Diversity & Inclusion
Arts / Pitches

Open Works’ venture competition isn’t only about the pitch

Along with the showcase and prizes, the Station North makerspace's EnterpRISE offers business training and access to its tools. We checked in with one of last year's winners.

Groundbird Gear took home second prize at the EnterpRISE Venture Competition. (Photo by Stephen Babcock)

Open Works is opening up its tools to a group of small business and startups this fall.
The EnterpRISE Venture Competition returns for its second year, and is seeking out early-stage companies that make a physical product. The Station North makerspace will pick eight companies to participate. Winners get cash prizes up to $10,000, and Open Works memberships for six months. Applications are due by September 28.
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“If you can leverage our wood shop, metal shop, CNC router, laser cutter, 3D printer, sewing, or graphic design facilities to prove your idea and take it into production, we will give you the resources to do the rest,” Open Works Executive Director Will Holman said in a statement.
https://twitter.com/OpenWorksBmore/status/1043838841180901377
The program include a four-week business bootcamp, which offers coaching on business, legal and funding topics. It also includes pitch preparation. The final round for the competition is November 16, when judges select winners at a pitch night. It’s one of a number of newer programs for maker and creative startups we’re seeing around town that offer access and resources to help build a business beyond a single night.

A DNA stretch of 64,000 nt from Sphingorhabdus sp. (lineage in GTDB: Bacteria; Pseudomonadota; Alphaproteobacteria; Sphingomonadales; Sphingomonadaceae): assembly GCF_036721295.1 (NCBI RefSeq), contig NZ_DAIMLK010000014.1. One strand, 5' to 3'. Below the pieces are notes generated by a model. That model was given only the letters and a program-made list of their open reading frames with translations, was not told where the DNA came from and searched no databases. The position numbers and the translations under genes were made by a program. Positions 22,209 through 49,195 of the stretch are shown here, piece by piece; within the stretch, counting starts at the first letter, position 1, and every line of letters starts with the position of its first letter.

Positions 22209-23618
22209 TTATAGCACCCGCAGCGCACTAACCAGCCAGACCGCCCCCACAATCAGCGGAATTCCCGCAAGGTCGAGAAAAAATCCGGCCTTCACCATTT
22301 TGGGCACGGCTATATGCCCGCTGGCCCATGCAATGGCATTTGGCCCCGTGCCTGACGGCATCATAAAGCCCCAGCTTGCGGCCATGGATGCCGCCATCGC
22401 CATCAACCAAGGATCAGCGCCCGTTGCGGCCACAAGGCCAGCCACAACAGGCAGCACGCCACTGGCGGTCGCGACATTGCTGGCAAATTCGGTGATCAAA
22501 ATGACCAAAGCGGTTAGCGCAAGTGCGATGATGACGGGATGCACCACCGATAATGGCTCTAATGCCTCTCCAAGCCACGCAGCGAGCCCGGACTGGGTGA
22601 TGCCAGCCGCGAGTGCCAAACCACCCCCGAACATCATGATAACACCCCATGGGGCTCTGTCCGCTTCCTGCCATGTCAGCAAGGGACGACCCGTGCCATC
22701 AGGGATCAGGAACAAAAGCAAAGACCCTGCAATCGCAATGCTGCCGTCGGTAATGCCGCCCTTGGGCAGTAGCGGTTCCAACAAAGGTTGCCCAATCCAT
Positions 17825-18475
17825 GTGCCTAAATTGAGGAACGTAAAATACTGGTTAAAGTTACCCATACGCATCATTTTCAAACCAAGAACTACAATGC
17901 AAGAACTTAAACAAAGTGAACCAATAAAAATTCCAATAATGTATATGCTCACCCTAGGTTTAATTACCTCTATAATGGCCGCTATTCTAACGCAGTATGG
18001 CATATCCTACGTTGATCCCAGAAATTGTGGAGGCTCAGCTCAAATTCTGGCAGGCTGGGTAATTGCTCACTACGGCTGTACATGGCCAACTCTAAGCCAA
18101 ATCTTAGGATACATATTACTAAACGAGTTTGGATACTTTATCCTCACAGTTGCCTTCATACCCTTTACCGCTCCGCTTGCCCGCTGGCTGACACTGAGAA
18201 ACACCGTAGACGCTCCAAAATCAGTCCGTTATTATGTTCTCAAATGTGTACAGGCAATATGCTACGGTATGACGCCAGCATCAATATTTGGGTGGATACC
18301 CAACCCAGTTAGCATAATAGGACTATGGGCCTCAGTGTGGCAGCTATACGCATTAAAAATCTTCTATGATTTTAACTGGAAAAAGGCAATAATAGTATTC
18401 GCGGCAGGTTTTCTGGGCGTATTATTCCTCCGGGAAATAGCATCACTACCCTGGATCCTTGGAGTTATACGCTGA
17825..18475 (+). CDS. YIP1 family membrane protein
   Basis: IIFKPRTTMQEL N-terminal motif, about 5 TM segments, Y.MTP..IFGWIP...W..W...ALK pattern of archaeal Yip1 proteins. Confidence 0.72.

Among this year’s judges is Marie Sellenrick. The MICA grad is the founder of Groundbird Gear, which makes custom hiking gear for dogs, including packs and harnesses. Sellenrick took part in last year’s inaugural competition. Though the concept of pitching was “very new,” she ended up winning second prize. The business advice and access to Open Works offered “renewed clarity of how I should take this to the next level and recommit to it all,” Sellenrick said.
During last year’s competition, Sellenrick also moved the industrial sewing machine from her house into the microstudio space at Open Works. With the winnings and membership that followed, she was able to buy a second machine. With access to a lasercutter, she also digitized the patterns for the company’s products, transitioning from paper and hand cutting.
“Now we can machine cut all of our parts, which saves a ton of time,” Sellenrick said.

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